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Molodist XL 2010 - 40 Years International Filmfestival of the Youth in Kyjv (Oct.23rd - 31st 2010) report by Christl Grunwald-Merz

In our competition we had to screen 57 productions - among them 13 first full length fictional films.

While their technical quality was excellent, problems occured - due to the "first" resp. students' productions - in treating the narrative. We - like probably any other jury - discussed therefore problems like:
How was the "plot" - good story, with (some) originality, well told and told in a way that did not confuse the audience?
Were the subjects treated of general (contemporary?) interest or of more local resp. regional importance? Did they give insights in internationally discussed problems - like the insider situation of Iranians shown in "Tehroun" (Teheran) by the "outsider" Nader T. Homayoun or the problems of Kurds in Iraq in 2004 in Ebrahim Saeedi's "Mandoo"?
Did the directors follow too closely their "models" - which means the style of famous directors or of some of their films?
Did he or she stick to certain "main stream" phenomena and stereotypes - for our jury of particular interest: the "typical" Russian resp. Eastern European criminals according to producers'and distributers' conviction "Russian crime sells"?
Were the actors convincing and were they well guided?
Did the sound track support the action?
Our FICC-jury - with Iryna Romanovska (Ucraine) and Carl Henrik Eilertsen (Norway) - turned during our discussions to those criteria since there was not only a huge number of films to be "somehow" compared but also a vast range of directors' experience with other genres like theater or documentaries while others were just film school students. Besides there was the regional variety from Mexico to Iran, from Sweden to Italy...

We gave the "Don Quijote" to the short film "Der kleine Nazi" by Petra Lueschow (Germany 2010. 13'23''). It treats the typically German problem "Vergangenheitsbewaeltigung" (overcoming the past) - which means the rather complicated phenomenon of getting over those 12 years of Nazi reign with all their horrors by looking at them very carefully and drawing lessons from what had happened. We - and the audience - liked the film because it showed in 14 minutes the different ways of coping with this burden on the historically important background of three generations. It had hilarious and bitter moments in a well balanced way - up to the end. It also got the award of the Ecumenic Jury.The film got the German label "besonders wertvoll" (of particular value).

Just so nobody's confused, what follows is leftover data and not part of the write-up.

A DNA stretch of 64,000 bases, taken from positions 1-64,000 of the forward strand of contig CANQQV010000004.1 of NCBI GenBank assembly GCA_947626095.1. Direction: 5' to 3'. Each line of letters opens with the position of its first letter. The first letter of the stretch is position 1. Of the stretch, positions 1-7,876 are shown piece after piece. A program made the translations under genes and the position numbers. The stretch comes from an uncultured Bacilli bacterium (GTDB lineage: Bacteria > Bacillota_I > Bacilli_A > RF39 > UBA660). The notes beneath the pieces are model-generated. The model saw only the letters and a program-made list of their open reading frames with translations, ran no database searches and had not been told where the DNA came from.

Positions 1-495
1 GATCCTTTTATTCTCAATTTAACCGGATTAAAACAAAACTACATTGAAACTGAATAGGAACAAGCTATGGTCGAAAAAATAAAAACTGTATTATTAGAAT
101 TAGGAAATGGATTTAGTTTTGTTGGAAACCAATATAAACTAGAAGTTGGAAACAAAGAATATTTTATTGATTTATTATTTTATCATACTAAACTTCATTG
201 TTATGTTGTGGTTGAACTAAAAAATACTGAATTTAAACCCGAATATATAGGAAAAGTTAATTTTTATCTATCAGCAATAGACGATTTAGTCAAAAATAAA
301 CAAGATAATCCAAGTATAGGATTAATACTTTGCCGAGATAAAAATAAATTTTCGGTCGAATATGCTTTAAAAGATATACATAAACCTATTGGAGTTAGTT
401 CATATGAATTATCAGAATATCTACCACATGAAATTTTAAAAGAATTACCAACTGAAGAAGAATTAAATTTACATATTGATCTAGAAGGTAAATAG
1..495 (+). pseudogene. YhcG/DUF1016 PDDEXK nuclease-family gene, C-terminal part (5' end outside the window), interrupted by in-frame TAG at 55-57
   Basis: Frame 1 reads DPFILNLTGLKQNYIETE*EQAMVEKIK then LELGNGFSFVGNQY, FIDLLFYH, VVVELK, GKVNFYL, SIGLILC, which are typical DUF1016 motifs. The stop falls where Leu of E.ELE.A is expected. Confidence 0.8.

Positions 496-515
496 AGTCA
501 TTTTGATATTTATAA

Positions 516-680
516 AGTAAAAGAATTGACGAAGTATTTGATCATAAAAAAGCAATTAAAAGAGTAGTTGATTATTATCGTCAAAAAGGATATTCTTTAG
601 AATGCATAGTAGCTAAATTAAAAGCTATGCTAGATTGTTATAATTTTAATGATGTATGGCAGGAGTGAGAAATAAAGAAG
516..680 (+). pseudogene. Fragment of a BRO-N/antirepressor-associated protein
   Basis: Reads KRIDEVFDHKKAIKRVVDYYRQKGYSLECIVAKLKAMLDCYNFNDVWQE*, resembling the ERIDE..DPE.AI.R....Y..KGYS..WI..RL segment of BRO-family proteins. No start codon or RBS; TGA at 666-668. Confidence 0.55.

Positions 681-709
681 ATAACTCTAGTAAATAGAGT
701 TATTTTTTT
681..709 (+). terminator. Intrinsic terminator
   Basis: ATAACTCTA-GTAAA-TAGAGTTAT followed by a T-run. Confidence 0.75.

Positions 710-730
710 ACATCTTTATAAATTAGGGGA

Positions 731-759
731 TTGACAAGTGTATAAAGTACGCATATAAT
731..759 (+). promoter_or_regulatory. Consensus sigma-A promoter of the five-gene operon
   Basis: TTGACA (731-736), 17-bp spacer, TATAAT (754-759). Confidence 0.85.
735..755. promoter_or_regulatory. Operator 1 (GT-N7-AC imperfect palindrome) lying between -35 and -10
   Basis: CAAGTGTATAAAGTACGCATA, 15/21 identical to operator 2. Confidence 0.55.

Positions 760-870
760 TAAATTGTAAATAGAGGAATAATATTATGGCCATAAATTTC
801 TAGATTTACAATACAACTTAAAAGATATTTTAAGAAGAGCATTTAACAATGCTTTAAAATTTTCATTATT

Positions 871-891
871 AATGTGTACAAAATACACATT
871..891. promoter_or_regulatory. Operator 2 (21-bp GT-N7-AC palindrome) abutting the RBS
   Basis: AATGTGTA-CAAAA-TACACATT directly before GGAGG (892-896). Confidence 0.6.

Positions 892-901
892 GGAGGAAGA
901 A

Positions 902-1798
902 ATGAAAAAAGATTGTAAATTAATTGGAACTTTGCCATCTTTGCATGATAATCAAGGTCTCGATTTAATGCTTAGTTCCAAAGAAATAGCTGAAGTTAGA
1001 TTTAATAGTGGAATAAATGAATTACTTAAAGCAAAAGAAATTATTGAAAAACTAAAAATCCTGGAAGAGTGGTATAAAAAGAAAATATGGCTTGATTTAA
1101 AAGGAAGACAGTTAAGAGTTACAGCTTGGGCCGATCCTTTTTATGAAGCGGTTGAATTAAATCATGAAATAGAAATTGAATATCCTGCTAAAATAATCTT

Since the competition programme had a large spectrum we gave also two Special Mentions - one going to Balint Szimler's "Here I Am Here" (Itt Vagyok, Hungary 2010, 37') and to Paolo Sassanelli's "Uerra" ("War",Italy 2009, 15'). While the Italian short film tells funny episodes about broken values right after WW2 the Hungarian student film shows(adequately set in black-and-white) a young loner wandering - while he has differen casual encounters - through Hungarian society after the Soviet Empire's fall, it got also the International Jury's "Festival Diploma".

Other films we had been discussing for quite a while were (fortunately) given awards by other jurys.
The "Prize for the best performance(s) by a young actor" was given by the International Jury to Monica del Carmen for her (almost exclusive) "one woman show" in "Ano Bisiesto" (Leap-Year) by Michael Rowe (Mexico 2010, 92'). While the film had in its beginning very slow and repetitive scenes it developed speed and tension towards the end - and turned - almost or directly - into a porno.